|FOR IMMEDIATE RELEASE||Bureau of Justice Statistics|
|WEDNESDAY, NOVEMBER 2, 2005||www.ojp.usdoj.gov/bjs|
|Contact: Stu Smith 202-307-0703|
|After hours: 301-983-9354|
ALMOST 7 MILLION ADULTS UNDER CORRECTIONAL SUPERVISION BEHIND BARS OR ON PROBATION OR PAROLE IN THE COMMUNITY
WASHINGTON, D.C. - The number of adults in prison, jail, or on probation or parole reached almost 7 million during 2004, the Department of Justice's Bureau of Justice Statistics (BJS) announced today. The number has grown by more than 1.6 million adults under correctional authority control since 1995.
The nation's total correctional population was 6,996,500 in 2004, of which 4,151,125 were living in the community on probation; 1,421,911 were in a state or federal prison; 765,355 were living in the community on parole; and 713,990 were in jail, according to the BJS report on probation and parole. At year-end one in every 31 adults were under correctional supervision, which was 3.2 percent of the U.S. adult population.
Probationers are criminal offenders who have been sentenced to a period of conditional supervision in the community, generally in lieu of incarceration. Parolees are criminal offenders supervised conditionally in the community following a prison term.
The study's other highlights included the following:
- The adult probation population grew 0.2 percent during 2004. This was the smallest annual growth rate since this survey began in 1979.
- Fifty percent of all probationers had been convicted of a misdemeanor, 49 percent of a felony and 1 percent of other infractions. Twenty-six percent were on probation for a drug law violation, and 15 percent for driving while intoxicated.
- Four states had an increase of 10 percent or more in their probation population in 2004: Kentucky (15 percent), Mississippi (12 percent), New Mexico (11 percent) and New Jersey (10 percent).
- The adult probation population decreased in 21 states. Washington was the only state with a double-digit decrease (down 27 percent).
- 2.2 million adults were discharged from probation supervision during 2004, and 60 percent successfully met the conditions of their supervision, nearly unchanged since 1995.
- The adult parole population grew 20,230 or 2.7 percent during the year, more than twice the average annual increase of 1.3 percent since 1995.
- Thirty-nine states had increases in their parole populations in 2004, led by Nebraska (24 percent), Vermont (16 percent) and New Mexico (15 percent).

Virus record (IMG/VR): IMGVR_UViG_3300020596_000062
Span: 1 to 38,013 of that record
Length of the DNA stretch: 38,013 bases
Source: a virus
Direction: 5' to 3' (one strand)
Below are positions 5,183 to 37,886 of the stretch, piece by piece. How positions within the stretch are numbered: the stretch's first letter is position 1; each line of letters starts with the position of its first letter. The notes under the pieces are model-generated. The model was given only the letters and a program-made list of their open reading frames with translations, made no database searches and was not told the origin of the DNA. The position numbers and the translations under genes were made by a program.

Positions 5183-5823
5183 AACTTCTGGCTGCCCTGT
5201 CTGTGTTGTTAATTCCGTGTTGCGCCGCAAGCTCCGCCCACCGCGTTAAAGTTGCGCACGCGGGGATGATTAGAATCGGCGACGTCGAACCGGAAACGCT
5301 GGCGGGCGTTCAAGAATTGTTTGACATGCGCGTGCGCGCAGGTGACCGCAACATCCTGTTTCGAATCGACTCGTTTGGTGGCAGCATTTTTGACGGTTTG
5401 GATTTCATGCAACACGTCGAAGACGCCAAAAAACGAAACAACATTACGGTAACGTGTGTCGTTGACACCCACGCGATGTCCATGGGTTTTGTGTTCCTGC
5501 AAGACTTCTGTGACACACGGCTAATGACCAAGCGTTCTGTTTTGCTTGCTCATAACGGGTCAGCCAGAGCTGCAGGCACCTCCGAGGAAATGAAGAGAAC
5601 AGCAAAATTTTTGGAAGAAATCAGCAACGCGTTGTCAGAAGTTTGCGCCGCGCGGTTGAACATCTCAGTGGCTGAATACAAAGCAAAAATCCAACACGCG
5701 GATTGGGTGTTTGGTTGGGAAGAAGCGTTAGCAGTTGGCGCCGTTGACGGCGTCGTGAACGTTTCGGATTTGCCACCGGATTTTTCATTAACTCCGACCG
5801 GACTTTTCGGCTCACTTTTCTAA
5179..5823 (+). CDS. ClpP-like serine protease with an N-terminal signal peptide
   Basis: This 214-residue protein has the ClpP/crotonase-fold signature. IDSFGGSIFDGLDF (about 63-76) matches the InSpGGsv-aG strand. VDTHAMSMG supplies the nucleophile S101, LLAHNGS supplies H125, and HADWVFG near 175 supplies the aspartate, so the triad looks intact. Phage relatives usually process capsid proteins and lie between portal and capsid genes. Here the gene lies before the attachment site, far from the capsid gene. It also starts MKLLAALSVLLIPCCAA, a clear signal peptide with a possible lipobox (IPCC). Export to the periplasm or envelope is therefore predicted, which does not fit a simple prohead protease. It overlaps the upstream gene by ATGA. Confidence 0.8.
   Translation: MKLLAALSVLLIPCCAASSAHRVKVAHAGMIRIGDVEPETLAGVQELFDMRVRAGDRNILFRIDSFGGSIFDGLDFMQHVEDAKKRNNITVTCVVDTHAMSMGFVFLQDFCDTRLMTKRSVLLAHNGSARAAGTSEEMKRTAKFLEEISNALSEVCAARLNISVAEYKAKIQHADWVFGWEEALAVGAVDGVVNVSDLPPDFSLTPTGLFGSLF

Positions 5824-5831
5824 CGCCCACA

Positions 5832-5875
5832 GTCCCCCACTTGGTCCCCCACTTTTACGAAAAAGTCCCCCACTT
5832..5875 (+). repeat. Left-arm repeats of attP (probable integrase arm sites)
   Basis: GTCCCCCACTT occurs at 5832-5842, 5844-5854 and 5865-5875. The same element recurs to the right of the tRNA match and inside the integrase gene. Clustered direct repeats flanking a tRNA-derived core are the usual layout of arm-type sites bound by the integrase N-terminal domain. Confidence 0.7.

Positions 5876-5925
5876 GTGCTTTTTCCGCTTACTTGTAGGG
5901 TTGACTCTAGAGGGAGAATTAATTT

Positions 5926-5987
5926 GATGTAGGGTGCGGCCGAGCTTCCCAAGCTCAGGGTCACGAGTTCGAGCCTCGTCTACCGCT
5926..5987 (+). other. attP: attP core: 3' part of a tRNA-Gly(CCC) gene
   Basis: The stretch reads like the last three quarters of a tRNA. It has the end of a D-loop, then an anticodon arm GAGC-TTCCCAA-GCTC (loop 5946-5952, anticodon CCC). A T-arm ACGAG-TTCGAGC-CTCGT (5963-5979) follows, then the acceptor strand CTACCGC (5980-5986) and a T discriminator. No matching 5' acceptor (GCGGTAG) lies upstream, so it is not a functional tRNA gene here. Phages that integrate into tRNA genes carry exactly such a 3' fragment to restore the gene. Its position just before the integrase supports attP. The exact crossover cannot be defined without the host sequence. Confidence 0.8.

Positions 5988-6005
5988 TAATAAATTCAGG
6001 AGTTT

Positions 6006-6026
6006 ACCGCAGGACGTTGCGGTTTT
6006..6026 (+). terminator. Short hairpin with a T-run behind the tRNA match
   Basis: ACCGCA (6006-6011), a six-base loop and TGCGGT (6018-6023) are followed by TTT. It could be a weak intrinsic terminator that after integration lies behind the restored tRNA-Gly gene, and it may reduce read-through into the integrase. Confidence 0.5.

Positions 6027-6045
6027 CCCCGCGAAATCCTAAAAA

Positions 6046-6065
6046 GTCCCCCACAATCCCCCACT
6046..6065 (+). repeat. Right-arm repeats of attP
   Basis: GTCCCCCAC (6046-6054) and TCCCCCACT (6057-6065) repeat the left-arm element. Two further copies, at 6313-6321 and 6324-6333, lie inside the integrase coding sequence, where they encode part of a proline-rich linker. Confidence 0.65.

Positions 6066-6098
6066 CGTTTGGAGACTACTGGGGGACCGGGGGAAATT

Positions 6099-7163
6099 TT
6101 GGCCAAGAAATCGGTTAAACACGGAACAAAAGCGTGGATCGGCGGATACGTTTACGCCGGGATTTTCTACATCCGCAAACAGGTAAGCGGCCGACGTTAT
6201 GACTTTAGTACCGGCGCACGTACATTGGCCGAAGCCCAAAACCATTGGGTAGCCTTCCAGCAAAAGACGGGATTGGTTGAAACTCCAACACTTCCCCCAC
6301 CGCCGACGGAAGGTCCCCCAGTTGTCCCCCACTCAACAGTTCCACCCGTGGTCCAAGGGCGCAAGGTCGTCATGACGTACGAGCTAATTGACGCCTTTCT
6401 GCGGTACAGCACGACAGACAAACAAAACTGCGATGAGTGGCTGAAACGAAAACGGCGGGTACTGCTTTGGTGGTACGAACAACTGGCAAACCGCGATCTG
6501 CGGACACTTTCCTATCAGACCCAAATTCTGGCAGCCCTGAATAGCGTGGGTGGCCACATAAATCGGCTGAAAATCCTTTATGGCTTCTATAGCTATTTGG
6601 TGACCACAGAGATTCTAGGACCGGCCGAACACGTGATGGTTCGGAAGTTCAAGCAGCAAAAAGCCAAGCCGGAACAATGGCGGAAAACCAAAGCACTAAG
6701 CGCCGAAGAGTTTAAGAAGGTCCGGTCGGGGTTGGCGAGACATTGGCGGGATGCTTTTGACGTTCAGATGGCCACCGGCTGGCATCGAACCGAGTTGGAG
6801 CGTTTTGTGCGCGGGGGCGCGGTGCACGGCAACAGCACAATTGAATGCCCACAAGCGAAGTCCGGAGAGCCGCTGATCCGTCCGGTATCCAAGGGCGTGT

- Nine states had decreases in their parole populations. Nevada (down 13 percent) was the only state with a decrease of more than 10 percent, followed by Virginia (down 9 percent).
- Mandatory releases from prison as a result of sentencing statutes or good-time provisions comprised 52 percent of those entering parole in 2004, up from 45 percent in 1995.
- Overall success rates for parolees have remained nearly the same between 1995 (45 percent) and 2004 (46 percent).
The report, "Probation and Parole in the United States, 2004" (NCJ-210676), was written by BJS statisticians Lauren E. Glaze and Seri Palla. This report is available on BJS website at: http://bjs.ojp.usdoj.gov/index.cfm?ty=pbdetail&iid=1108
For additional information about the Bureau of Justice Statistics statistical reports programs, please visit the BJS website at: http://bjs.ojp.usdoj.gov/.
The Office of Justice Programs provides federal leadership in developing the nation's capacity to prevent and control crime, administer justice, and assist victims. OJP is headed by an Assistant Attorney General and comprises five component bureaus and two offices: the Bureau of Justice Assistance; the Bureau of Justice Statistics; the National Institute of Justice; the Office of Juvenile Justice and Delinquency Prevention; and the Office for Victims of Crime, as well as the Office of the Police Corps and Law Enforcement Education and the Community Capacity Development Office, which incorporates the Weed and Seed strategy and OJP's American Indian and Alaska Native Affairs Desk. More information can be found at www.ojp.usdoj.gov.
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